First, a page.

def get_config_map(self):
        return self.config_map

    def get_browser_override_variants(self, request):
        return json.loads(request.cookies.get('gatekeeper', '{}'))

    def set_browser_override_variant(self, request, flag, variant):
        config = self.config_map.get(flag)
        if not config:
            return None

        return config.set_browser_override_variant(request, variant)


def initialize_gatekeeper(user_id=None, app=None, config_map=None):
    from flask import current_app
    from flask import request
    from flask import session
    from flask_login import current_user

    if not app:
        app = current_app

    if user_id is None and current_user and not current_user.is_anonymous:
        user_id = current_user.id

    gk = Gatekeeper(
        user_id=user_id,
        app=app,
        request=request,
        session=session,
        config_map=config_map)
    return gk
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gatekeeper_config.py

from abc import ABC
from abc import abstractmethod
from enum import Enum
import json

import flask


class FeatureFlagConfig(ABC):
    FLAG_NAME: str
    VARIANTS_ENUM_STR: str

    def __init__(self, overrides=None):
        self.variants_enum = Enum(
            f'{self.__class__.__name__}Variants', self.VARIANTS_ENUM_STR)
        self.overrides = overrides

    def get_variants(self):
        return list(self.variants_enum.__members__.keys())

    @abstractmethod
    def _get_variant(
            self,
            user_id: Optional[int] = None,
            app: Optional[Flask] = None,
            request: Optional[Request] = None,
            session: Optional[Any] = None):
        pass

    def get_variant(self, user_id: Optional[int] = None, app: Optional[Flask] = None,
                    request: Optional[Request] = None, session: Optional[Any] = None):
        override_variant = self.get_override_variant(
            user_id=user_id, app=app, request=request, session=session)
        if override_variant:
            return override_variant
        else:
            return self._get_variant(
                user_id=user_id, app=app, request=request, session=session)

    def get_override_variant(
            self, user_id=None, app=None, request=None, session=None):
        if request:
            browser_override_variant = self.get_browser_override_variant(request)
            if browser_override_variant:
                return browser_override_variant
        if self.overrides:
            for variant, user_ids in self.overrides.items():
                if user_id in user_ids:
                    return self.variants_enum[variant]
        return None

    def set_browser_override_variant(self, request, variant):
        browser_override_variants = self.get_browser_override_variants(request)
        if variant == '':
            browser_override_variants.pop(self.FLAG_NAME, None)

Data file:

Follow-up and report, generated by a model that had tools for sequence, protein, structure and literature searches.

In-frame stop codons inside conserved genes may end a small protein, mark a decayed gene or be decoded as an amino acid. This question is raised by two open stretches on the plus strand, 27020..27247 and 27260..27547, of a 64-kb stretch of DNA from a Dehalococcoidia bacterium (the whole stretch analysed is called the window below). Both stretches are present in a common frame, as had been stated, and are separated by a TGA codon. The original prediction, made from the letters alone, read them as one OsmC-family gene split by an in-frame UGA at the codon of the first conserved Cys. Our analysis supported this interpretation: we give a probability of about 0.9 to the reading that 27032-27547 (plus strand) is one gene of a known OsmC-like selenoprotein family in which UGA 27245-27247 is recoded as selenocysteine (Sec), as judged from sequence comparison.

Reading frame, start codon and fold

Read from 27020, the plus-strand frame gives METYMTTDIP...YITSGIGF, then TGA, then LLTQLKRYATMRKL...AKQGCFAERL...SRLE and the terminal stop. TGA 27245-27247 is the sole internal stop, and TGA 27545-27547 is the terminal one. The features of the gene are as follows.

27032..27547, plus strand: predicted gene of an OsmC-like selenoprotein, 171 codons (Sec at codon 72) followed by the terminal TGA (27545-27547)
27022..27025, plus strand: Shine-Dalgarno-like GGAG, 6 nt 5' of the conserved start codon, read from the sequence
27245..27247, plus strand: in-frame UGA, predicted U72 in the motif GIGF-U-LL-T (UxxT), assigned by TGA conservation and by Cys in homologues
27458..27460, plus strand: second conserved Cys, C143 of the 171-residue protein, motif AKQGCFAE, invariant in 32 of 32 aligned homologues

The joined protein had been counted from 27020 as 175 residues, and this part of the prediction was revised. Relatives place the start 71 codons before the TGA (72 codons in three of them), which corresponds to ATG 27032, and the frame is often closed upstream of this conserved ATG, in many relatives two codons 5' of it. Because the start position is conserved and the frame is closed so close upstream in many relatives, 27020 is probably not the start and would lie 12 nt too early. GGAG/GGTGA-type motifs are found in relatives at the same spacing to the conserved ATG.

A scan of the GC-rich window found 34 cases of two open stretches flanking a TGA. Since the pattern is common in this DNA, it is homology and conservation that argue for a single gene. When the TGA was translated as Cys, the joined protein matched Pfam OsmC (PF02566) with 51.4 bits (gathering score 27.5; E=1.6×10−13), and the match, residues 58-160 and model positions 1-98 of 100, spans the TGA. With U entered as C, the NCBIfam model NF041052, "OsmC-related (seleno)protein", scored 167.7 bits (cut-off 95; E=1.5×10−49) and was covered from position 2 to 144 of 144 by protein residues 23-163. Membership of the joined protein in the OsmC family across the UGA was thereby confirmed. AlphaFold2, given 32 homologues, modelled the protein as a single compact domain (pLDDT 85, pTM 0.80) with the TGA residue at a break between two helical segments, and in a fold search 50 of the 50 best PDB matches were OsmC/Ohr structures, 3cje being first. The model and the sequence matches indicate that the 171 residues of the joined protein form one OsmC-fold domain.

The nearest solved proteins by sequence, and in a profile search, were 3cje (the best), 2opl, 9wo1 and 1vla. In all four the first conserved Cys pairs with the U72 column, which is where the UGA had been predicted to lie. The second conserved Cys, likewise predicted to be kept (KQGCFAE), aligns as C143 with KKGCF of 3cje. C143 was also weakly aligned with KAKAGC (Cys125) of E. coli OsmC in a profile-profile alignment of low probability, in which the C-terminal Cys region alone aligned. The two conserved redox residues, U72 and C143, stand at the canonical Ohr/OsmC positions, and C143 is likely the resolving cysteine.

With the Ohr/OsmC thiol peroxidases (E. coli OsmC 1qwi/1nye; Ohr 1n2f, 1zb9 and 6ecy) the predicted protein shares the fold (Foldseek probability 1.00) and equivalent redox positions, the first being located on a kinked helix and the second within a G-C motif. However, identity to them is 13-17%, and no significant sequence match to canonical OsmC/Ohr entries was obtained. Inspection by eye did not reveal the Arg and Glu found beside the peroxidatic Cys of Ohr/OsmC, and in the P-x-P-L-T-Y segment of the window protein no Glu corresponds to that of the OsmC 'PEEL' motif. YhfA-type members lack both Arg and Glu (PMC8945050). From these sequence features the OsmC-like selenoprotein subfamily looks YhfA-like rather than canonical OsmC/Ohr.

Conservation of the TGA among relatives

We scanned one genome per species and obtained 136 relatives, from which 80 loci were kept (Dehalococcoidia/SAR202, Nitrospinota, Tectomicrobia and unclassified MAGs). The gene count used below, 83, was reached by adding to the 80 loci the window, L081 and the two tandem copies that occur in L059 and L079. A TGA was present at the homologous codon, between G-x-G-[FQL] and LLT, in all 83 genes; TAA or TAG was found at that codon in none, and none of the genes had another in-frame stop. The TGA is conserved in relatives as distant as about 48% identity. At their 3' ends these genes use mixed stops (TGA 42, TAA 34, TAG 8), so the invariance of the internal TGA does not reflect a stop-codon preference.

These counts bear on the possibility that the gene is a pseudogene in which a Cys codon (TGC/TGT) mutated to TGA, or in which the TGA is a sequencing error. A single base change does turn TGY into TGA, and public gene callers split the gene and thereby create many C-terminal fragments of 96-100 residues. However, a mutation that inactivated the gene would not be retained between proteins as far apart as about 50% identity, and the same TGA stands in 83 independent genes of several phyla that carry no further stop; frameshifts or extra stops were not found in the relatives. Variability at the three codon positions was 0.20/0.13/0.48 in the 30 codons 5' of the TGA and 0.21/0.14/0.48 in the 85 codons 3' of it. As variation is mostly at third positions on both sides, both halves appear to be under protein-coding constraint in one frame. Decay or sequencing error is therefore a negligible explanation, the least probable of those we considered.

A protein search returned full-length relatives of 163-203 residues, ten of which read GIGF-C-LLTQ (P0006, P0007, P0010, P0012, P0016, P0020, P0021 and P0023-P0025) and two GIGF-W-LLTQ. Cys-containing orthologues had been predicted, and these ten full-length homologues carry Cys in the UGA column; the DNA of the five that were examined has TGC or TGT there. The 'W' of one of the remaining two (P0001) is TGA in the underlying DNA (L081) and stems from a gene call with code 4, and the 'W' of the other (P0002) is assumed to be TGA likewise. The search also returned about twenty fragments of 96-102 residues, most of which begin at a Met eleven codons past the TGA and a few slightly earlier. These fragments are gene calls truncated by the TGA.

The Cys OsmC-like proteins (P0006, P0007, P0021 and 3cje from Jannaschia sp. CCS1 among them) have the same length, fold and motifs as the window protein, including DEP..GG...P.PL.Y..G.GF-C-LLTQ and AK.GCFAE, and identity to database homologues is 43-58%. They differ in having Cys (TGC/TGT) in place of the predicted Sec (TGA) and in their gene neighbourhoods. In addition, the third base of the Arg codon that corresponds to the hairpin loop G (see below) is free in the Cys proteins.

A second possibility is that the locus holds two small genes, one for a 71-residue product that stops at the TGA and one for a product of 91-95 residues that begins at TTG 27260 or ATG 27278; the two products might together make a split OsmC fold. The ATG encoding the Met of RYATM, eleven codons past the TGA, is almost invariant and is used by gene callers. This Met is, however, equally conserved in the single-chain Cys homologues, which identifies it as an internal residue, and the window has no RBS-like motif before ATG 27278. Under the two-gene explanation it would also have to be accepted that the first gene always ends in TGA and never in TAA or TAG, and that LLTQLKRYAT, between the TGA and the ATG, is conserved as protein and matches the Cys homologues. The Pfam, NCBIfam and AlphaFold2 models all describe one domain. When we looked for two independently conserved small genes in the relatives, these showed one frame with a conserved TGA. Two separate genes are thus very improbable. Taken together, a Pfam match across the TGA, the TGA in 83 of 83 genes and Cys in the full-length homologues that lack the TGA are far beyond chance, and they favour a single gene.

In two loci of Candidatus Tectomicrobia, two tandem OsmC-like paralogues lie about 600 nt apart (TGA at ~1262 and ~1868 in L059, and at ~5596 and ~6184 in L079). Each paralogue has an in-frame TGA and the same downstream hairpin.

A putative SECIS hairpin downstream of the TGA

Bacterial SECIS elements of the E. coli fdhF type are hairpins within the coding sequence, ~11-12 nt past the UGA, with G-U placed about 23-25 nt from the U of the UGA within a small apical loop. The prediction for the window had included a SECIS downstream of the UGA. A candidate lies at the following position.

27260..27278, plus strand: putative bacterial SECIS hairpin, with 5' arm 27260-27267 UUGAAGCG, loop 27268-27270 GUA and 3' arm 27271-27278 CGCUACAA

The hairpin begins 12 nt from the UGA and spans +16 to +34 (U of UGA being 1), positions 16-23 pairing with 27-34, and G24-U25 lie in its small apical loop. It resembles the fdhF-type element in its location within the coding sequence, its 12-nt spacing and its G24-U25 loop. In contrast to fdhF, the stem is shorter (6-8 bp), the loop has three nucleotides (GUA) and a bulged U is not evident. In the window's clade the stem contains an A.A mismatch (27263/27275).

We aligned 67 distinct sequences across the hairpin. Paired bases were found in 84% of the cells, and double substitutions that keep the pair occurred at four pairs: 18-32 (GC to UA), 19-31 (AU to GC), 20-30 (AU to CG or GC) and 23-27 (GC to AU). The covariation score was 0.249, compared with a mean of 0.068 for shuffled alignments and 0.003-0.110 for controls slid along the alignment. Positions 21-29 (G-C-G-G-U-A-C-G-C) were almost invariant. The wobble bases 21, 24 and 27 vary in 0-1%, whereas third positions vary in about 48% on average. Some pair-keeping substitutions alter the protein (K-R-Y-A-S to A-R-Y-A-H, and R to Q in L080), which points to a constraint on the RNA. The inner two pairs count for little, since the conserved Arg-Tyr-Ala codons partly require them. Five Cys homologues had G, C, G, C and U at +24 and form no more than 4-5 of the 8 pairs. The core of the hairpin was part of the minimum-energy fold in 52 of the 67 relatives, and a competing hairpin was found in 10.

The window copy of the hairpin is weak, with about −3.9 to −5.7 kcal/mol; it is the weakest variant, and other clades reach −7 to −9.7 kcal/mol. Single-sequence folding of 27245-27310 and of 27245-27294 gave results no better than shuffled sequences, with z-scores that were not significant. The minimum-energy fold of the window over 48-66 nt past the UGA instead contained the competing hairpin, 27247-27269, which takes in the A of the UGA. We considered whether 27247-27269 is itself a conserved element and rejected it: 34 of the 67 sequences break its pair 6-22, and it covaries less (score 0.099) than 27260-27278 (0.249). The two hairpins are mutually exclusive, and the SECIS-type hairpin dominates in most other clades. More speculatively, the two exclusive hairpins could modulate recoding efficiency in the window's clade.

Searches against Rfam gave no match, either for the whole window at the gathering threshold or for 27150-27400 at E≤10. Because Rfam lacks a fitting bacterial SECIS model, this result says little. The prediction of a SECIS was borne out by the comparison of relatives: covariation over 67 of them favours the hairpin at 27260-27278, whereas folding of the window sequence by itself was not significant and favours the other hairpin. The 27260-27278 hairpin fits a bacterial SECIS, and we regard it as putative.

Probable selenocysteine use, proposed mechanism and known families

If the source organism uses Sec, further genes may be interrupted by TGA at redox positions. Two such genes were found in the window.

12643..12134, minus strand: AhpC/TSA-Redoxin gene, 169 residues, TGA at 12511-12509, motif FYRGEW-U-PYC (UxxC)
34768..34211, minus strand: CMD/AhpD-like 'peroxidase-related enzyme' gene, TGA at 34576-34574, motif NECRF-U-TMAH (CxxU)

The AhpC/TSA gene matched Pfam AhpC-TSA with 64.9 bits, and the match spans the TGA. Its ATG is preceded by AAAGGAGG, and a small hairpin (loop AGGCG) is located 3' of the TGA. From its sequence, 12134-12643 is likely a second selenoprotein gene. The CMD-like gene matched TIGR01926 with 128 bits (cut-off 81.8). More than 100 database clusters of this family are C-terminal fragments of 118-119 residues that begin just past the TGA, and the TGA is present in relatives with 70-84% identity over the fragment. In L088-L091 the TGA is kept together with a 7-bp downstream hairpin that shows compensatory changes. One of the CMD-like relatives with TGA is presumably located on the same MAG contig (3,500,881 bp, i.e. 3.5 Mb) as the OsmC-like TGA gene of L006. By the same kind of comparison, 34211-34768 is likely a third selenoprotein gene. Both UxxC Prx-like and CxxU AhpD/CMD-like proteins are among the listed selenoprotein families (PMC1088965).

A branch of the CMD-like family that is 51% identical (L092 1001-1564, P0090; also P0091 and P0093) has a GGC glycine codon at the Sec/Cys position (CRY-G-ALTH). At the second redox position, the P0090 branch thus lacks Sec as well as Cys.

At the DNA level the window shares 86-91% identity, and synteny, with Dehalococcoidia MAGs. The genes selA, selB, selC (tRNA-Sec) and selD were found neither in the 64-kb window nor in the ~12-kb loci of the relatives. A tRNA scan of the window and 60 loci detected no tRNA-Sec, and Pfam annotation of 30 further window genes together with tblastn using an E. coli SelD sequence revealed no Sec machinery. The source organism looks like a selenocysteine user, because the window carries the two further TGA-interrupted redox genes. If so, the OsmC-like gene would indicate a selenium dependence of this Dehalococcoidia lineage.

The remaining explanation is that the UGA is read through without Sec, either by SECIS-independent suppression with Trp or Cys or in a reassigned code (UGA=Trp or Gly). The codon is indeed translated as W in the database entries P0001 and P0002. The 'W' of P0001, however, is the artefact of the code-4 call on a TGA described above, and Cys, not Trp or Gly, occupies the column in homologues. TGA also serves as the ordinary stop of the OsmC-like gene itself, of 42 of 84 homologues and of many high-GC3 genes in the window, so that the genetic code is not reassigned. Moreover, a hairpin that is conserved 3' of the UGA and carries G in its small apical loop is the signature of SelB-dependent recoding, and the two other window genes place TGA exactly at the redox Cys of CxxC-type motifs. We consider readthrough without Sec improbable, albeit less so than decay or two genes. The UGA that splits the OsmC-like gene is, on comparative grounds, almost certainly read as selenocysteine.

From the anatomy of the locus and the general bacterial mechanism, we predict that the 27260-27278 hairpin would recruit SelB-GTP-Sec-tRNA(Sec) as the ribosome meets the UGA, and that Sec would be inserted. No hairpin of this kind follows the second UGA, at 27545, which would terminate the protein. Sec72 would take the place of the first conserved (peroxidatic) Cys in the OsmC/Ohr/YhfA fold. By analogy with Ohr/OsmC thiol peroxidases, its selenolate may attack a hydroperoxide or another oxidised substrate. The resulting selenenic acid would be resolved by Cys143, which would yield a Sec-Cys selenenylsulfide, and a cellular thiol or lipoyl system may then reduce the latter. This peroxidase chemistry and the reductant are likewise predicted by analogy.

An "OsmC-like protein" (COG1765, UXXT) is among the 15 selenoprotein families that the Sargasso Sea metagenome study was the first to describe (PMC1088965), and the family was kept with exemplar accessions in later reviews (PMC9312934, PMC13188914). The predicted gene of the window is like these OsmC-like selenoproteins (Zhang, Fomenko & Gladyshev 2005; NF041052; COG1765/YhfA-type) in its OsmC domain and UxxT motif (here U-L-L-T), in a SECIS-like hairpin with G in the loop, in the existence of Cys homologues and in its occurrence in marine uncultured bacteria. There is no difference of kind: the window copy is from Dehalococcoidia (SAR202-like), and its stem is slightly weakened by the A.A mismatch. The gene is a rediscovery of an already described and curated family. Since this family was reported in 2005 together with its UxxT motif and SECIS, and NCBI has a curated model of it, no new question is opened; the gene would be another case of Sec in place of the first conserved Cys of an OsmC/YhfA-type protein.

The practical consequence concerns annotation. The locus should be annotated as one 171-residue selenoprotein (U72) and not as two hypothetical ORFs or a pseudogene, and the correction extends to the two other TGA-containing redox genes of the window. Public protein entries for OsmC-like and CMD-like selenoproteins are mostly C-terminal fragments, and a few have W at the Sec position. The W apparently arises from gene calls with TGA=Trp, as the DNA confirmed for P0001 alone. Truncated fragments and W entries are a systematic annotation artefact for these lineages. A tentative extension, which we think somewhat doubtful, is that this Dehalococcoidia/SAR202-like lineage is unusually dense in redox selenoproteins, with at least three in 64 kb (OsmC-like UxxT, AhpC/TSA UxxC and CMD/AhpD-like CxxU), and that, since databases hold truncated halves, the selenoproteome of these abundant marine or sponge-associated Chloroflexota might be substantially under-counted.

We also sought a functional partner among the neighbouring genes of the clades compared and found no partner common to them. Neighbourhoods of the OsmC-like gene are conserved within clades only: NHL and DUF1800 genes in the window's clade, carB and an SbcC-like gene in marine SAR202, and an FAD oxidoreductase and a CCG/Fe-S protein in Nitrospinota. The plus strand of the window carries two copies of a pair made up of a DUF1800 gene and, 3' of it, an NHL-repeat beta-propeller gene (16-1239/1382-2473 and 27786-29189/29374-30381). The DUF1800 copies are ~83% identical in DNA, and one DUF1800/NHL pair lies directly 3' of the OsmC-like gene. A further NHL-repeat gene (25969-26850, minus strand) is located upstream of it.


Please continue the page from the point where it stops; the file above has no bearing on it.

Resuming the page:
else:
            browser_override_variants[self.FLAG_NAME] = variant

        response = flask.make_response()
        response.set_cookie(
            'gatekeeper',
            json.dumps(browser_override_variants))
        return response

    def get_browser_override_variants(self, request):
        return json.loads(request.cookies.get('gatekeeper', '{}'))

    def get_browser_override_variant(self, request):
        browser_override_variants = self.get_browser_override_variants(request)
        browser_override_variant = browser_override_variants.get(self.FLAG_NAME)
        if browser_override_variant:
            return self.variants_enum[browser_override_variant]
        else:
            return None


class MyNewFeatureFFConfig(FeatureFlagConfig):
    FLAG_NAME = 'MY_NEW_FEATURE'
    VARIANTS_ENUM_STR = 'VISIBLE NOT_VISIBLE'
    DESCRIPTION = 'Gate visibility of my new feature during development'

    def _get_variant(self, user_id=None, app=None, request=None, session=None):
        if app and app.config.get('IS_DEV'):
            return self.variants_enum.VISIBLE
        elif user_id and user_id in [1, 2, 3]:  # Team user ids
            return self.variants_enum.VISIBLE
        else:
            return self.variants_enum.NOT_VISIBLE


FF_CONFIG_MAP: FFConfigMap = {
    'MY_NEW_FEATURE': MyNewFeatureFFConfig()
}
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In app.py

# All the usual app setup stuff here... 

app = create_app()

@app.before_request
def register_gatekeeper():
    # Put imports here to avoid circular import issues.
    from flask import request

    import gatekeeper

    request.gk = gatekeeper.initialize_gatekeeper(app=app)
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Using gatekeeper

With all of this setup, now it's super straightforward to query gatekeeper for a feature flag and variant.

For example, in Python web handler code, it might look like:

if request.gk.ff('MY_NEW_FEATURE', 'VISIBLE'): 
    # Show new feature
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Or in Jinja template code, it might look like:

{% if request.gk.ff('MY_NEW_FEATURE', 'VISIBLE') %}
    {# Show new feature #}
{% endif %} 
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Final thoughts

If you take out the code to support overrides, and in particular browser overrides, you'll see there's actually quite little necessary to make a functional feature flags manager. I've included the override support because I find it so critical, more so than you might expect, for developer ease of use.

If you aren't already using feature flags, I hope this post convinces you to adopt them in your development and release workflow -- and if you aren't quite keen to set up another SaaS solution yet, perhaps the code shared here can help get you started with your own implementation of a feature flags manager. Happy coding!